Archive for January, 2012

Ordinarily, housing market pricing gets pushed up to the limit of affordability. Chronic shortages of housing keep prices high, and homebuilders respond by providing new homes to meet the demand. In short, demand nearly always outpaced supply. In the aftermath of the housing bubble, that is no longer the case. Many of the houses built during the rally of the housing bubble were a response to artificial demand caused by unstable loans being given to people who didn't have the capacity to repay the debt. As a result, homebuilders produced many homes that were not necessary, and to make matters worse, the people to whom these houses were sold now have bad credit, so demand is curtailed until their credit…[READ MORE]

Three recent news stories strongly suggest the GSEs have too many REOs, and they are working feverishly to prevent their REO inventory from growing out of control. First, the federal reserve has identified markets to sell bulk REOs to companies willing to convert them to rentals and hold them until the market recovers to sell off their REO inventory in bulk. Second, the FHA has waived the anti-flipping rule again to help them clear out their REO inventory. Third, Freddie Mac has extended the forbearance for jobless borrowers so they don't have to add to their REO inventory. These stories paint a picture of a federal government desperate to manage an REO inventory which must be growing out of control.…[READ MORE]

I often get emails or comments from people sharing their homebuying experiences. Sometimes, they allow me to share these with everyone on the blog. Next weekend, I will report on a borrower's experience with Farmer's and Merchant's Bank. Today, I will share a story posted in the thoughtful remarks this week by mofa. Real experiences from real people mofa says: January 6, 2012 at 9:23 am (Edit) I’ve been meaning to follow up on the short sale I was trying to purchase in south Redondo Beach in the spring. It went through, and no one was strangled, which I believe should be the criterion for “successful” short sales. It was visible as an active listing for about twelve hours on…[READ MORE]

Today's post comes out of the conspiracy theory vaults, but it supports a contention I have been making for the last few years: shadow inventory is much larger than most housing analysts believe. CoreLogic reports shadow inventory at 1.6 million units. With nearly 10 million loan owners underwater and prices falling, hope is fading for the middle class hanging on to their dreams of equity. Many of these people will strategically default, and if the featured article today is accurate, perhaps many of them already have. Michael Olenick: Is Shadow Housing Inventory Vastly Larger Than Widely Believed? By Michael Olenick, founder and CEO of Legalprise, and creator of FindtheFraud, a crowd sourced foreclosure document review system (still in alpha). You…[READ MORE]

When house prices were going up, everyone wanted to own to capture appreciation. When house prices started going down, those who recognized the trend wisely chose to rent instead. As the bust drags on even the most kool aid intoxicated are beginning to see the wisdom in renting. Better to throw your money away on rent than to throw it away on interest to support a depreciating asset. 6 Reasons Why Buying A Home Is Like Throwing Away Money Girls Just Wanna Have Funds | Jan. 1, 2012, 10:04 AM Most people see buying a home as a part of the “American Dream”, well for most it’s become a nightmare.Buying a home is pretty much the best way to throw…[READ MORE]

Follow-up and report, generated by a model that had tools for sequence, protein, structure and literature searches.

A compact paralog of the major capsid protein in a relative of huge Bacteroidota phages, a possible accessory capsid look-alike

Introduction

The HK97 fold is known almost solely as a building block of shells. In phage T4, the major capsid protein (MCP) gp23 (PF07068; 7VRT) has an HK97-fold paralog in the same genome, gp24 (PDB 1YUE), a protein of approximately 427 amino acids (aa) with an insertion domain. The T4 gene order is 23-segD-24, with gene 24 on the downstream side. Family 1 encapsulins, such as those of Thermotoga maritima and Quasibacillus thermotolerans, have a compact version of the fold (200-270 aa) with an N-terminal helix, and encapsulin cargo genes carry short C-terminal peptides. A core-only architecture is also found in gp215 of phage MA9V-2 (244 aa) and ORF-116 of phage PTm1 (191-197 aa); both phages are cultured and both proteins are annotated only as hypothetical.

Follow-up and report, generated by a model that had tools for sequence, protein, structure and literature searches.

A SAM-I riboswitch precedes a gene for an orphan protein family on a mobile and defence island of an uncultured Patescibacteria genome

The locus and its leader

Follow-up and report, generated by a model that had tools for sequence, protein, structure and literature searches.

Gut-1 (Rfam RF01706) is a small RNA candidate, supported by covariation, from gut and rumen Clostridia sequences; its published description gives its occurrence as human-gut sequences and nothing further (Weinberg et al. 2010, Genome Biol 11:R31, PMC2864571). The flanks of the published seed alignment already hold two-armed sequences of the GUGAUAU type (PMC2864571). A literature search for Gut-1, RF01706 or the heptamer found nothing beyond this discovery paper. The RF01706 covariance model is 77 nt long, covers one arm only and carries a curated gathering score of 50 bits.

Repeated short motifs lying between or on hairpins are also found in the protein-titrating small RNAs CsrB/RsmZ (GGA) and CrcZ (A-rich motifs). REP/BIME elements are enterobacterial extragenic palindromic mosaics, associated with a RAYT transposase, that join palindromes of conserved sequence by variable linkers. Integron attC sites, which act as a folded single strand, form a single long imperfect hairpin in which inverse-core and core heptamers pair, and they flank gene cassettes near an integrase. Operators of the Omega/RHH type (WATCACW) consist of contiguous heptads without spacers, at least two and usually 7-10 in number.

Hope springs eternal. People are prone to believe what they want to believe, and with a little bullshit from the the National Association of realtors buyer sentiment toward housing has barely declined at all since the housing bubble catastrophically burst six years ago. Take a careful look at the chart below, and marvel over the foolish optimism of potential homebuyers. Most homebuyers over the last 10 years are currently either underwater or the value of their home is worth less than they paid for it. Homebuyer sentiment during the housing bubble was high, but that isn't surprising given the strength of the kool aid. What shocks me is how well homebuying sentiment has held up during the crash. Sellers on…[READ MORE]

When I first started writing about the housing market in 2007, I gained attention by making some outlandish predictions about the housing market. I was one of the few who publicly made the case for a crash in housing prices. I laid out the case, provided my reasoning, and stood by my predictions. I reviewed my results in early 2011 in Predictions versus reality: Irvine Renter’s track record. Today, I want to take a another stroll down memory lane and make new predictions for 2012. 2007 In 2007, I said house prices would crash in Predictions for the Irvine Housing Market (2007). Below is a chart I created to demonstrate what I believe will occur in the Irvine Housing market…[READ MORE]

A new study from Office of the Comptroller of the Currency showed mortgage delinquencies at major banks at 12% when it is normally less than 1%. Many of these mortgages are shadow inventory where banks have been allowing delinquent mortgage squatters to stay rent-free for years. Also, foreclosures are increasing rapidly as the banks are finally accepting rising prices will not bail them out, so they are going to have to clear out the delinquent borrowers on their own. Amend, extend, pretend is dead. Mortgage Default Is A Financial Bonanza For Many Homeowners As Foreclosure Crisis Continues December 22, 2011 The Office of the Comptroller of the Currency (OCC) painted a gloomy picture for the housing markets with its release…[READ MORE]

Monthly Housing Report

In Memoriam: Tony Bliss 1966-2012